Change in SC law allows nonprofit to provide more kids with free glasses, eyecare

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Published: Aug. 24, 2022 at 7:42 PM EDT|Updated: Aug. 24, 2022 at 7:45 PM EDT
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NORTH CHARLESTON, S.C. (WIS) - So many people know the feeling of sliding on your first pair of glasses and finally being able to see a lot more clearly.

A new law is designed to bring that special moment to more children across South Carolina.

The legislation allows mobile optometry clinics to visit Title 1 schools, offering free screenings and eye exams and fitting and providing students with glasses, with parental consent.

“This will see that our children across the state — and I hope this spreads like wildfire — that they all are able to reach their full potential,” Gov. Henry McMaster said.

McMaster officially signed the new law earlier this year, but he commemorated it Wednesday at North Charleston Elementary School, where he was joined by other elected officials, Charleston County School District leaders and students, and representatives from the national nonprofit Vision to Learn.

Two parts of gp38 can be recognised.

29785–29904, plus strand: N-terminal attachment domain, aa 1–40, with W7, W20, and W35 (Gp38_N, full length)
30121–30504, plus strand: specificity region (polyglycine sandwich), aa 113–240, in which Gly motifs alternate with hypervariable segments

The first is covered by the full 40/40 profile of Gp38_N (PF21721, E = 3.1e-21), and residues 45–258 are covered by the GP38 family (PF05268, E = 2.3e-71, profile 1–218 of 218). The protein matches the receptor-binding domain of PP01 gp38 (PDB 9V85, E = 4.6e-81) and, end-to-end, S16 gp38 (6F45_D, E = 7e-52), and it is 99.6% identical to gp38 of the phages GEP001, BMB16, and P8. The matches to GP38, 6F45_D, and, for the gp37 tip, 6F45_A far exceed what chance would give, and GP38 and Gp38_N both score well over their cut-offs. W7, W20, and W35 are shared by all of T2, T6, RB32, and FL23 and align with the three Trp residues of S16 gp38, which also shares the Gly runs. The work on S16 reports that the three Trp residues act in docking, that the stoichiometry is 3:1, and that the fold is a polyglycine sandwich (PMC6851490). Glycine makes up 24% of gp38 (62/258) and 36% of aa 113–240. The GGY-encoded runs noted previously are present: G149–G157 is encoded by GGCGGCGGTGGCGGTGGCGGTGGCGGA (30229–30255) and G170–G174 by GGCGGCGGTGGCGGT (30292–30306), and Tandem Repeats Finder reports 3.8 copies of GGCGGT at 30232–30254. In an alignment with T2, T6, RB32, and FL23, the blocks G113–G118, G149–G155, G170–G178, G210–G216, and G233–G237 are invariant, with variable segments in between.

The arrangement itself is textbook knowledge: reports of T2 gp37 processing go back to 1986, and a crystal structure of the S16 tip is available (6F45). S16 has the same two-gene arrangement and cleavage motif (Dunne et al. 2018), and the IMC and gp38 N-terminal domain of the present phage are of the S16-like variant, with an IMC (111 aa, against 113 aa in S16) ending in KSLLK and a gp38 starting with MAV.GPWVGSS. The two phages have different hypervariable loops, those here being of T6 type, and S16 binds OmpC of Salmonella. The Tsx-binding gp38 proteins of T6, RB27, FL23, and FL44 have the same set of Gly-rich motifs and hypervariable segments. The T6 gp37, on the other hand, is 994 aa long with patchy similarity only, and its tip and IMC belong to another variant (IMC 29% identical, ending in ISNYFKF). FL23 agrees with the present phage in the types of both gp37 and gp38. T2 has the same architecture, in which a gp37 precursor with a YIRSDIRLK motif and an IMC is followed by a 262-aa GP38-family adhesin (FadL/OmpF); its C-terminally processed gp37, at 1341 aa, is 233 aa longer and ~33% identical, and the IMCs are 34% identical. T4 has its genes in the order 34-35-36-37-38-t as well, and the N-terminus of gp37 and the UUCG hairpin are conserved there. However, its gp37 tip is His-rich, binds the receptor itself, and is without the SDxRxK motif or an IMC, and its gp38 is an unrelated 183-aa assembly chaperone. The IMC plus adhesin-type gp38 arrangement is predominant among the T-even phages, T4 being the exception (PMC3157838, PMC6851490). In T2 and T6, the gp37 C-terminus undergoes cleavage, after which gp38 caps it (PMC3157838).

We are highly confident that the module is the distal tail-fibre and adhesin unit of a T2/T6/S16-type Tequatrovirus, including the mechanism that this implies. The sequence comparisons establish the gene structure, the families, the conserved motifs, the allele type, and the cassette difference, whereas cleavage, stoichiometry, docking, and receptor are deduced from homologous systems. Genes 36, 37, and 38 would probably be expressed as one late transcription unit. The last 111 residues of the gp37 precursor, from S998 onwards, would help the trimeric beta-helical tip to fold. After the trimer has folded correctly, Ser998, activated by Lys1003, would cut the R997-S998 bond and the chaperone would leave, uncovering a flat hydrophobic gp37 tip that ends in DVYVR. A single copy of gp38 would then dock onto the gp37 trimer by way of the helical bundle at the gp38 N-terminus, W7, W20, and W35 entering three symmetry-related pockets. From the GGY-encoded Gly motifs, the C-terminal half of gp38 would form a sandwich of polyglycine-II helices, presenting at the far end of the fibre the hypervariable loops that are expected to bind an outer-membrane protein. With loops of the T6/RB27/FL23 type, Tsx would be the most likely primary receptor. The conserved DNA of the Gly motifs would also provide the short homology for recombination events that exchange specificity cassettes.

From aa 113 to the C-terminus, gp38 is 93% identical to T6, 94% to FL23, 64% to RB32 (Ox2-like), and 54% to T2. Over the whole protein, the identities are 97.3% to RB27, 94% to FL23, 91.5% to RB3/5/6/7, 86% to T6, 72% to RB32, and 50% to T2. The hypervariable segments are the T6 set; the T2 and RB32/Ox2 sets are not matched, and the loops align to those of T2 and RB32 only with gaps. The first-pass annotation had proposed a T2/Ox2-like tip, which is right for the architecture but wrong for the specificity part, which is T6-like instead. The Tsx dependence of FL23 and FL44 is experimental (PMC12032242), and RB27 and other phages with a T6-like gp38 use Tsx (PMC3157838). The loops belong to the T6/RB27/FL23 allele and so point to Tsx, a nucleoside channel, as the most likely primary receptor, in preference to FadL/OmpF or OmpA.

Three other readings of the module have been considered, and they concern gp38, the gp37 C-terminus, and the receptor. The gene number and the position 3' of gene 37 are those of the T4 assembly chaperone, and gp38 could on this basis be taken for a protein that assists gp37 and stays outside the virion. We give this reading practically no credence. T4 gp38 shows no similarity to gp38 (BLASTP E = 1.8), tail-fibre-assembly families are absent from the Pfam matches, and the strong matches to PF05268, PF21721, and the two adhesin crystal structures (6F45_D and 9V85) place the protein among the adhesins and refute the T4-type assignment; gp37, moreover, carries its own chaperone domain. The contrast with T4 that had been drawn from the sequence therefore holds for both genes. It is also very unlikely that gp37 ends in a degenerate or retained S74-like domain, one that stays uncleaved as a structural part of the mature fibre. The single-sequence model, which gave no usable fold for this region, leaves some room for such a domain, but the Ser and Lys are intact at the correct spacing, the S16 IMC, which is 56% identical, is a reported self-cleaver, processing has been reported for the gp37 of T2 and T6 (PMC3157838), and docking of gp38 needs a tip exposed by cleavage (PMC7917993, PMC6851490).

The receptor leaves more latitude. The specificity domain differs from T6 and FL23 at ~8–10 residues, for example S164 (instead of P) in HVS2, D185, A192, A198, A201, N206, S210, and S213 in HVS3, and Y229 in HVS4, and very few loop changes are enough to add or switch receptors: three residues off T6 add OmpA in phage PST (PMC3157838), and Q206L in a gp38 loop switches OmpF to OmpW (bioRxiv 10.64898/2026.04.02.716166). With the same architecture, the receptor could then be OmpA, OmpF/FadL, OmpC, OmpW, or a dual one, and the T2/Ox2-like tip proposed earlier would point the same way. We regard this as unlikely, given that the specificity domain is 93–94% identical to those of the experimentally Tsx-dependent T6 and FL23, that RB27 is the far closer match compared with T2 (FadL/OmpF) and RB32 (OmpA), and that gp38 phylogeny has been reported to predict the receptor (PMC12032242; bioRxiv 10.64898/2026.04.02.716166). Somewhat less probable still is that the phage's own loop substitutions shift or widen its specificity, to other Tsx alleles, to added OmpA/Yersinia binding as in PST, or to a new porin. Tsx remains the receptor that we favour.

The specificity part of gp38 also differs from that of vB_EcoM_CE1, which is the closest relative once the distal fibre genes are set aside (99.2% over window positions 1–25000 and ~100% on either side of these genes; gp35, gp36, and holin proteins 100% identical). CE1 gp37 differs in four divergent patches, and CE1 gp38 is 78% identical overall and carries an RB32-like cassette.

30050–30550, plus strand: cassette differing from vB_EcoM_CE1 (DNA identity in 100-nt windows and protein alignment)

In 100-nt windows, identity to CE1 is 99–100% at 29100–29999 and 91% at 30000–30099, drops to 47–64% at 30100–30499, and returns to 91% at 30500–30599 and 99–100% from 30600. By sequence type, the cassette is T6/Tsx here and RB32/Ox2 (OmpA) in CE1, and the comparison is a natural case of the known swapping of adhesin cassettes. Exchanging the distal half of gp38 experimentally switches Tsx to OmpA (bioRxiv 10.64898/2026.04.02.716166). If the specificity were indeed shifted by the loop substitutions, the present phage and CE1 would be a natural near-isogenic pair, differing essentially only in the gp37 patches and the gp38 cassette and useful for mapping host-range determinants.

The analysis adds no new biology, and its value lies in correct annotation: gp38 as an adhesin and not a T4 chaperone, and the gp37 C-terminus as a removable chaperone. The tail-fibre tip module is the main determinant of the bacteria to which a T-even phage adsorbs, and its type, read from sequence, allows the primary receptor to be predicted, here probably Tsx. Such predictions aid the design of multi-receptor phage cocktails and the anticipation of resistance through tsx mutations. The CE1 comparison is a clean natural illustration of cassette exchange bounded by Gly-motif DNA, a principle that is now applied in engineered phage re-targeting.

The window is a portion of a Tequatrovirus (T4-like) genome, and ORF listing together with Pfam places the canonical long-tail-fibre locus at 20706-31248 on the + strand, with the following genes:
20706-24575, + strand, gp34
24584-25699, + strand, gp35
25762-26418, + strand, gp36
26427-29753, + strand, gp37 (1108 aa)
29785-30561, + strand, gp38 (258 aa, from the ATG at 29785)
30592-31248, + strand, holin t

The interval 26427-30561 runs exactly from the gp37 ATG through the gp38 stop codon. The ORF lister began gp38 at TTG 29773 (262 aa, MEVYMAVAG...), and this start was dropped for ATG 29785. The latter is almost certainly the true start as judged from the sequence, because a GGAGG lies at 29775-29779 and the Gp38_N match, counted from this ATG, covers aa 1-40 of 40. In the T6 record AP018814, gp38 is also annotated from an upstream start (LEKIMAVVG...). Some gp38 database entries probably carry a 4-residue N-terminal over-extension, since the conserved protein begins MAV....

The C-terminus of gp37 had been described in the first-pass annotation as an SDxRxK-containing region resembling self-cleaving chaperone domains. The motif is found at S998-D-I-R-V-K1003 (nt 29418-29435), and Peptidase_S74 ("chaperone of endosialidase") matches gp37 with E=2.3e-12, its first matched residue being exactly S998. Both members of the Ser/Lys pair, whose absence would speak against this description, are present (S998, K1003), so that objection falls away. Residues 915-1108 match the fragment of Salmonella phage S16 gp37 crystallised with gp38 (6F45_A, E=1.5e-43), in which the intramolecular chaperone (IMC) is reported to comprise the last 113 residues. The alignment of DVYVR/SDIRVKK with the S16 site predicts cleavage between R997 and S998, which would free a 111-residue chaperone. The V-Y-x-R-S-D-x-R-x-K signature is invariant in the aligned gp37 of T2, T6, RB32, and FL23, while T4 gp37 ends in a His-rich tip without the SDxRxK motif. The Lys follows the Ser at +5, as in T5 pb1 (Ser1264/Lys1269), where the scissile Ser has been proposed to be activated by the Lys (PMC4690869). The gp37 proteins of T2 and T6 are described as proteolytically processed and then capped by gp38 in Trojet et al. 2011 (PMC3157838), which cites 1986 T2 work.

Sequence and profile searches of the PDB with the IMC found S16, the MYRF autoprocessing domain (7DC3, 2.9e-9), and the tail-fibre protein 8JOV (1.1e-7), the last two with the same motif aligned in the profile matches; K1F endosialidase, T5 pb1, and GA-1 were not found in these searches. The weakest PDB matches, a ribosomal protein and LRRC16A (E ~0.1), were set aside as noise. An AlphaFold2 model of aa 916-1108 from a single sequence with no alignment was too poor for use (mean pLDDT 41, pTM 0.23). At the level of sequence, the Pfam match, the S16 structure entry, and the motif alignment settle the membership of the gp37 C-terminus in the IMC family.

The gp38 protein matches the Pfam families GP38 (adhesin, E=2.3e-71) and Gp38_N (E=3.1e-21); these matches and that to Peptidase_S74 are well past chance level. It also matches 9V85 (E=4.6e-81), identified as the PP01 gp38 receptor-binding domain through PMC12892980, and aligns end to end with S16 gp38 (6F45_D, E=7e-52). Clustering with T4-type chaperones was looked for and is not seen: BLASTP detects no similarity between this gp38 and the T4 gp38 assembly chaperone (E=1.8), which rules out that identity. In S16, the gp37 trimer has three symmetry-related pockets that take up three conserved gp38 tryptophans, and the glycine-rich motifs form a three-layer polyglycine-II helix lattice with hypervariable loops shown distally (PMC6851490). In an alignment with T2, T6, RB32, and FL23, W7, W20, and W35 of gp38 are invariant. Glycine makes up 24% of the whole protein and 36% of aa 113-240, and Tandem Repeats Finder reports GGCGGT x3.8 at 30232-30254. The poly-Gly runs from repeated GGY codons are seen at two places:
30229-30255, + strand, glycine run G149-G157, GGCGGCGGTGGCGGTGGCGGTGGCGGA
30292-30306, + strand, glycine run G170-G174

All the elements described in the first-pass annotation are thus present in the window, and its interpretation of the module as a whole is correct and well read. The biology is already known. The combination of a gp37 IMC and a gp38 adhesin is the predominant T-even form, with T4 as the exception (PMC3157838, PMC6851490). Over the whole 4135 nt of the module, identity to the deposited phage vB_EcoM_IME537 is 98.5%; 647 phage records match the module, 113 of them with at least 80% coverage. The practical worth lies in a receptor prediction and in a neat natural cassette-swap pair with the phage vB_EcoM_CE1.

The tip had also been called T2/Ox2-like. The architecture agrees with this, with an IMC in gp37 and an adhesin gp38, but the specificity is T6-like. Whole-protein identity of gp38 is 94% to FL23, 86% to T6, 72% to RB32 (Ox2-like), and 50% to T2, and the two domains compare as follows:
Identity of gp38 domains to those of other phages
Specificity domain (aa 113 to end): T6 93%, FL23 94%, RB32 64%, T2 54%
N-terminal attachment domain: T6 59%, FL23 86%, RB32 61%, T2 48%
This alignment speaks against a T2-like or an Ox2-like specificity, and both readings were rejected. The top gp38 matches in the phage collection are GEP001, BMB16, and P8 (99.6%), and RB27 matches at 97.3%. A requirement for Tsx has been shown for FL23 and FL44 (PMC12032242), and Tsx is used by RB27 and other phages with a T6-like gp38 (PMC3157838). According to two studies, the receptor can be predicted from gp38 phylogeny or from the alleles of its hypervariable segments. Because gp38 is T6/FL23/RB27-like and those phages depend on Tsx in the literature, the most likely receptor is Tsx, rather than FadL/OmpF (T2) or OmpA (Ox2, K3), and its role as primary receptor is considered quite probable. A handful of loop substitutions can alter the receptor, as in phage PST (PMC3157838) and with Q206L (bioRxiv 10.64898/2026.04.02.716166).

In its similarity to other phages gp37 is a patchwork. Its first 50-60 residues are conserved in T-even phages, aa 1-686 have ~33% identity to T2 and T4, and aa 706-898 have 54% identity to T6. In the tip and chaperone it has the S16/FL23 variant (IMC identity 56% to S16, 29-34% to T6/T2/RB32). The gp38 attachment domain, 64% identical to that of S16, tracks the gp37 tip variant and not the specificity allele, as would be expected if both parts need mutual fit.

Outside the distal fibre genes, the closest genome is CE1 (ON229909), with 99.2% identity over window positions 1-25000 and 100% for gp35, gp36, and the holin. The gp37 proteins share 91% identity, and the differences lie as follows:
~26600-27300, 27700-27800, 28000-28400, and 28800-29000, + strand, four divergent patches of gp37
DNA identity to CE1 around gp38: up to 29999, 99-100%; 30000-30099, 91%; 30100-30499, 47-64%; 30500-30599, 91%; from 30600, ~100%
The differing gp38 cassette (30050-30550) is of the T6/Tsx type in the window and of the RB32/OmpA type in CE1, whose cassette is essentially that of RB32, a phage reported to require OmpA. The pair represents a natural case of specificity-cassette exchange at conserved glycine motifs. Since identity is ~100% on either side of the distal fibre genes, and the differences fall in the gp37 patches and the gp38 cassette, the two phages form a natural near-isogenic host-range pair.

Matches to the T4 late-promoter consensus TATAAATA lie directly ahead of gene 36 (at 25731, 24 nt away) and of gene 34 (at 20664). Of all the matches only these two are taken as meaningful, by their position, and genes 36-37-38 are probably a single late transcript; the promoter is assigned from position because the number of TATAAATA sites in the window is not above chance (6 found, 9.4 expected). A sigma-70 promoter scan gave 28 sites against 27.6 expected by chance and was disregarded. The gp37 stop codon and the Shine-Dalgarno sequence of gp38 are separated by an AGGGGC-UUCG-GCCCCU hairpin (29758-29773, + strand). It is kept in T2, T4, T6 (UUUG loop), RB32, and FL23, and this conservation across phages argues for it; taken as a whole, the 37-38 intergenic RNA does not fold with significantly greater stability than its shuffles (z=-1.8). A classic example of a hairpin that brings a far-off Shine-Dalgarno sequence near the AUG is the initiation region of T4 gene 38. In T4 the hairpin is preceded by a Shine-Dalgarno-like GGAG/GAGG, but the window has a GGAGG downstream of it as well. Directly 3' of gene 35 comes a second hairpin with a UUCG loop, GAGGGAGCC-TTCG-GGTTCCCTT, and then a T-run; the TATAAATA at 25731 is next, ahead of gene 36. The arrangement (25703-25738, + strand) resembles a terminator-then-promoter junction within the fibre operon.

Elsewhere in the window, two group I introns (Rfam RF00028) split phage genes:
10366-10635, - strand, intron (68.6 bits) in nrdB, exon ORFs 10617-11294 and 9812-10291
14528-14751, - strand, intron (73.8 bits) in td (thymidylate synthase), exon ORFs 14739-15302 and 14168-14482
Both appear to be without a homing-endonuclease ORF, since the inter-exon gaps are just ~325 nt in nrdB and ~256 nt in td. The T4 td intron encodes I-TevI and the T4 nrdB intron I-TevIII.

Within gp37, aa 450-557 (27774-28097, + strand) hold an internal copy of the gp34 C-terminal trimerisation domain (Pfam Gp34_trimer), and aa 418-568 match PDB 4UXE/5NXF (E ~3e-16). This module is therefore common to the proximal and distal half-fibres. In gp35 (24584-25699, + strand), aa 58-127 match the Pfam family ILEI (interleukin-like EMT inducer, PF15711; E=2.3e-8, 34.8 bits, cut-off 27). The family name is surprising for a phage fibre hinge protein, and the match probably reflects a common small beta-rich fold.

The organization lobbied South Carolina’s legislature for the change in law, as its previous language had prohibited Vision to Learn from operating free mobile optometry clinics in South Carolina as it does in other states.

The General Assembly allowed Vision to Learn to operate on a trial basis over the last year before approving the permanent change in law. In that year, the nonprofit reports it provided more than 2,000 students from 17 schools in the Charleston County School District with eye exams, and 1,700 of those kids received free eyeglasses.

“Our program has found that the best way to solve this problem is by bringing access to students right here on campus,” Vision to Learn National Director Damian Carroll said.

CCSD Director of Nursing Ellen Nitz said the new law removes barriers that may be keeping kids from reaching their full potential in the classroom.

“Many of our families will face either financial burdens, transportation issues, parents having to leave work to get to appointments, and then just not even realizing that you need glasses,” Nitz said.

During Wednesday’s event, four CCSD elementary school students received their first pair of glasses, including second grader Taila Sanders, who had selected frames in her favorite color, pink.

“Everything is like so different. It’s like not blurry anymore,” Sanders said.

With the change in law now in effect, Vision to Learn said its next goal is to bring this clinic to more districts across the state and help more South Carolina kids see.

“Our young students experienced unprecedented hardships during the recent pandemic, and now going forward, having access to quality eyecare and prescription glasses will not be one more thing that they or their parents have to worry about,” Rep. William Cogswell, R – Charleston, said.

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